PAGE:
Andrew Baxter, MD of Europa Worldwide Group has stated he thinks speculation of chaos at the UK’s ports immediately after Brexit is “basically wrong”.  By contrast, Richard Burnett, chief executive of the Road Haulage Association (RHA), predicted that there is an 80% chance of “chaos in Kent” when the UK fully exits the EU.  So who is right?

The case for optimism

The case for optimism appears to be based on the belief that, when the chips go down, (or preferably before), common sense will prevail.  Chaos at the UK’s ports would benefit no one and in fact,  it would actively hurt a lot of people, many of whom are in the EU.  It is therefore in everyone’s best interest to work out a solution.

At this stage, it seems most likely that the “solution” will actually be a “workaround” while a solution is found, but the key point is that it will prevent chaos at the ports.

The case for pessimism

The case for pessimism appears to be founded on the belief that time and tide wait for no one.  Effectively, there are three months until the UK leaves the EU.  How much time that leaves in practice depends on whether or not you assume that the relevant people will literally work every day if necessary.  Even if they do, and do not get pulled away to deal with other issues, there are only so many hours in a day a person can physically work.

What’s more, one of the major stumbling blocks to the UK’s departure is the conspicuous absence of customs agents to process cargo at major ports.  Resolving this issue by New Year would require massive levels of action at the very highest of speeds.

The issue of customs agents

At present, the UK has negligible customs infrastructure and very few customs agents.  This is because, at present, most of the customs work for the UK is performed by countries on the outer edges of the EU.  As a result, the UK is having to reboot its customs system almost from scratch.

What’s more, after a quarter of a century in the single market, it lacks a reservoir of domestic expertise on which to draw.  There probably are pre-EU customs officials still working (or at the younger end of retirement age).  Their knowledge, however, will be massively outdated and they will never have been exposed to the technology used by modern customs officials.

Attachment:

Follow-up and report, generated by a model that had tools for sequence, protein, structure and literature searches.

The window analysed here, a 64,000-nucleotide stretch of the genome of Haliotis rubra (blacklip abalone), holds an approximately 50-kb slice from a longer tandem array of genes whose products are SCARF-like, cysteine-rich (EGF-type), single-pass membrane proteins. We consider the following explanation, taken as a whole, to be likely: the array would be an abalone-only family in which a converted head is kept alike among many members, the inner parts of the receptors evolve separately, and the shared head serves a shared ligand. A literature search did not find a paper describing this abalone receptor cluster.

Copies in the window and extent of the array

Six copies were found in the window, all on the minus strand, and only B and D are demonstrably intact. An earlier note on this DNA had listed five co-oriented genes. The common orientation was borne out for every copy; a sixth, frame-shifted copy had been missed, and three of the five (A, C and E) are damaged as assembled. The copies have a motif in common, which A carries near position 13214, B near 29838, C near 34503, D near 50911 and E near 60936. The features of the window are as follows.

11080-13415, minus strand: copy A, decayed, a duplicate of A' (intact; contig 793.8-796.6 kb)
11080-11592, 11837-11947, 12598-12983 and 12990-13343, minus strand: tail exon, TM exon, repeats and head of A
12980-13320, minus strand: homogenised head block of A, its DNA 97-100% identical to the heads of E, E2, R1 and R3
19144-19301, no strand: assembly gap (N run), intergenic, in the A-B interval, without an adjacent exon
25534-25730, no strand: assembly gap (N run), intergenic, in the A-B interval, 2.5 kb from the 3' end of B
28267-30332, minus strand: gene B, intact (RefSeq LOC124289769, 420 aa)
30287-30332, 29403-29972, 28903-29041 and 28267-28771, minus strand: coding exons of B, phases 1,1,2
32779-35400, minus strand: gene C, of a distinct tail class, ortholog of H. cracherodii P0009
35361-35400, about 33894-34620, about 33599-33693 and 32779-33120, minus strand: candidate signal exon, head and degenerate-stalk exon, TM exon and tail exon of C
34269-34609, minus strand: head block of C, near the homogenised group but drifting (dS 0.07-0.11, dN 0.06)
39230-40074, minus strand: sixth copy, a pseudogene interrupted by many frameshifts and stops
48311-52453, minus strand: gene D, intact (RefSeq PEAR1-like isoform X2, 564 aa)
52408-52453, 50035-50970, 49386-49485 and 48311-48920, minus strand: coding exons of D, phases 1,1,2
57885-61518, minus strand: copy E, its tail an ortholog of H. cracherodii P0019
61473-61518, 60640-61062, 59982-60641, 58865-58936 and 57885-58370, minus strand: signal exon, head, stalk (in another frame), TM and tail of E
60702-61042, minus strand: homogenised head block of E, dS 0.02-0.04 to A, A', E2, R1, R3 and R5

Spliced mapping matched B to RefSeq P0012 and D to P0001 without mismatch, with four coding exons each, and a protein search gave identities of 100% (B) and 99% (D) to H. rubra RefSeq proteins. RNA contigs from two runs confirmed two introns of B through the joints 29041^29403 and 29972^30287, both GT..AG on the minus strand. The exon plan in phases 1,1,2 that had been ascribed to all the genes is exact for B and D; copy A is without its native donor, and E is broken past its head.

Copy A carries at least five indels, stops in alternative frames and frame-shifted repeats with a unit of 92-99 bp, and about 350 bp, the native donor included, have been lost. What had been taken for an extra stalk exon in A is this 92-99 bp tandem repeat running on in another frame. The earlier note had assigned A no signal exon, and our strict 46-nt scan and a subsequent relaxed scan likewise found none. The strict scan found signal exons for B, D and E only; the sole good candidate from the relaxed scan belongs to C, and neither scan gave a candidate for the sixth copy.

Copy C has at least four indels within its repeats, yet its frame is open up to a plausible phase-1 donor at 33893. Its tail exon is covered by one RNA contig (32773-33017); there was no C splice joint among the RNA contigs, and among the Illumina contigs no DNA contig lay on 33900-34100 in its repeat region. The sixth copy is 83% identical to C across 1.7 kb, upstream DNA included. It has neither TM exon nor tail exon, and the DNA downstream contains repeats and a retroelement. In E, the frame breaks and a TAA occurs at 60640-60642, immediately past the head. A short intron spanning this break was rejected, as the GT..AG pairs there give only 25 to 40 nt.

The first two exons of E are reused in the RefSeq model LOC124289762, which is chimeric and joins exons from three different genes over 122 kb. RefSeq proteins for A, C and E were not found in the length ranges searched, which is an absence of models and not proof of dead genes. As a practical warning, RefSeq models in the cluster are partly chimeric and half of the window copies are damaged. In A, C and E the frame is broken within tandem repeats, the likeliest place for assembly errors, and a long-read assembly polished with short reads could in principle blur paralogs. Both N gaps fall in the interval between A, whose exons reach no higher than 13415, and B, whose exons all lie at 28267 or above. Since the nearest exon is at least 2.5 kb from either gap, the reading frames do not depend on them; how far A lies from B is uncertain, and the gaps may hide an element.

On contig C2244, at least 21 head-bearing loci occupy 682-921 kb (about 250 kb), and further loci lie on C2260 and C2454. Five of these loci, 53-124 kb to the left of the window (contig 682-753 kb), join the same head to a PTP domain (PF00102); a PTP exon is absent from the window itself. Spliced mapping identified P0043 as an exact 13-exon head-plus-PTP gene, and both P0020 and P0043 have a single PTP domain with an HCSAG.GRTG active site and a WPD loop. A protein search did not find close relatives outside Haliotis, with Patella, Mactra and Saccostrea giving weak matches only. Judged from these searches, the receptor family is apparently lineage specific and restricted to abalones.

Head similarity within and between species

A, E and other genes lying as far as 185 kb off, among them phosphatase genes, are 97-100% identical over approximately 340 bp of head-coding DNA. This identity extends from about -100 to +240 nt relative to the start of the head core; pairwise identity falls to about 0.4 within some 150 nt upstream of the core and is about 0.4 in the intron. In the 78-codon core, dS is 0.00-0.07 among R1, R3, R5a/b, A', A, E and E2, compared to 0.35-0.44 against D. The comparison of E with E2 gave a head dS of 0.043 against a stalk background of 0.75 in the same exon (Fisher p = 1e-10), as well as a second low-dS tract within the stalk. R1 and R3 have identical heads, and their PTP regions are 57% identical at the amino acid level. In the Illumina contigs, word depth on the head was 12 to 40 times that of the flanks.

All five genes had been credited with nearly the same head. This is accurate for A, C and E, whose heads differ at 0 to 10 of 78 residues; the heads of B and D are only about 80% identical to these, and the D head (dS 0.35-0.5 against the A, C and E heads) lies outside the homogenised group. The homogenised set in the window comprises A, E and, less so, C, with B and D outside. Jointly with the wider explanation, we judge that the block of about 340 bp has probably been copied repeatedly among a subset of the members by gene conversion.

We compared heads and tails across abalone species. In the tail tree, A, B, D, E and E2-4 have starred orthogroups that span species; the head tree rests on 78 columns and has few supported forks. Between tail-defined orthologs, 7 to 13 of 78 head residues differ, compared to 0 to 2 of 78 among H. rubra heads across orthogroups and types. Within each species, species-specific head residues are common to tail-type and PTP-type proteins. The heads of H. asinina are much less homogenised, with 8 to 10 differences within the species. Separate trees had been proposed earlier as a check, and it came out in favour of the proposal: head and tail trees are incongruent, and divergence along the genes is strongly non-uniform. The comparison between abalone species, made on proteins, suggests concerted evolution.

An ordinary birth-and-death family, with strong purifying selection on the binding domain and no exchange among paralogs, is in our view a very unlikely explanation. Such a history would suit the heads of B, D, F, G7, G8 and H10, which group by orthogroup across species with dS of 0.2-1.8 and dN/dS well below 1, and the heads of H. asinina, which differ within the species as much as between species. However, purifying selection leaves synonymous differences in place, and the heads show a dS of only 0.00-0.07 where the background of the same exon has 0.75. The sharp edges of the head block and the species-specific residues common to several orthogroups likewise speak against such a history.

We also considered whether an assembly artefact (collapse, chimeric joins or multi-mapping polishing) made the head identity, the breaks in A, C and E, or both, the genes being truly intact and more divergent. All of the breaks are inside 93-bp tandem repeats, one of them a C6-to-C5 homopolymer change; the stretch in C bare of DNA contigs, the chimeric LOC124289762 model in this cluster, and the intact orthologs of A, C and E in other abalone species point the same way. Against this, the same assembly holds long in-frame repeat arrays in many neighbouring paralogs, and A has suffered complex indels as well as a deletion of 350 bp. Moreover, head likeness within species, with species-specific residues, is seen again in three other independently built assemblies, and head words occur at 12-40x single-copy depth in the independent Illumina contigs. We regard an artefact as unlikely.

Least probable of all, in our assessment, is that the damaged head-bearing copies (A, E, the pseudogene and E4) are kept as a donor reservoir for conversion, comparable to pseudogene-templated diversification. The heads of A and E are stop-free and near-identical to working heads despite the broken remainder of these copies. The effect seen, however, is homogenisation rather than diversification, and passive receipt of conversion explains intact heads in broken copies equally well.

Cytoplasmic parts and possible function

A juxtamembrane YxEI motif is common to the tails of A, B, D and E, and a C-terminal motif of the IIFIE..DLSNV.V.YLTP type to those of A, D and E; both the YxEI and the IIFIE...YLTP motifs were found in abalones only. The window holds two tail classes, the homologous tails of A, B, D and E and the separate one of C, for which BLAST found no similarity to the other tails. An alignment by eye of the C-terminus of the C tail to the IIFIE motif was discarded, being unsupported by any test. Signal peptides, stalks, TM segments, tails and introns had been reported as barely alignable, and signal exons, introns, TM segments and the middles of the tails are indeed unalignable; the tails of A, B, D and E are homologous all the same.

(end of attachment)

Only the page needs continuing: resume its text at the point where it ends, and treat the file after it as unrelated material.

Potential solutions

The good news is that there are some potential solutions to the “customs problem”, although none of them is ideal.

Allow goods to come through without full customs checks

Instead of undertaking full customs checks on every import, the UK would operate a system of self-declaration plus random checks.  This is basically what HMRC does for tax declarations and it appears to work fairly well for them.  That said, the whole point of successful tax evasion is that you wouldn’t know about it, so perhaps it isn’t as successful as HMRC thinks.

Customs checks are not quite the same as regular tax checks and this system has clear scope for both genuine error and deliberate abuse.  That said, this approach may have to be used to keep the UK’s ports moving if no other solution can be found.

Ask the EU to undertake customs checks on behalf of the UK

This would be supremely ironic and potentially expensive.  On the other hand, it could also be very effective.

Try to recruit customs agents from other countries

Countries on the EU’s borders are already set up with robust customs infrastructure.  Countries on the northern end of mainland Europe have been upscaling their infrastructure in preparation for Brexit, as has the Republic of Ireland.  Some of these agents might be open to attractive offers.

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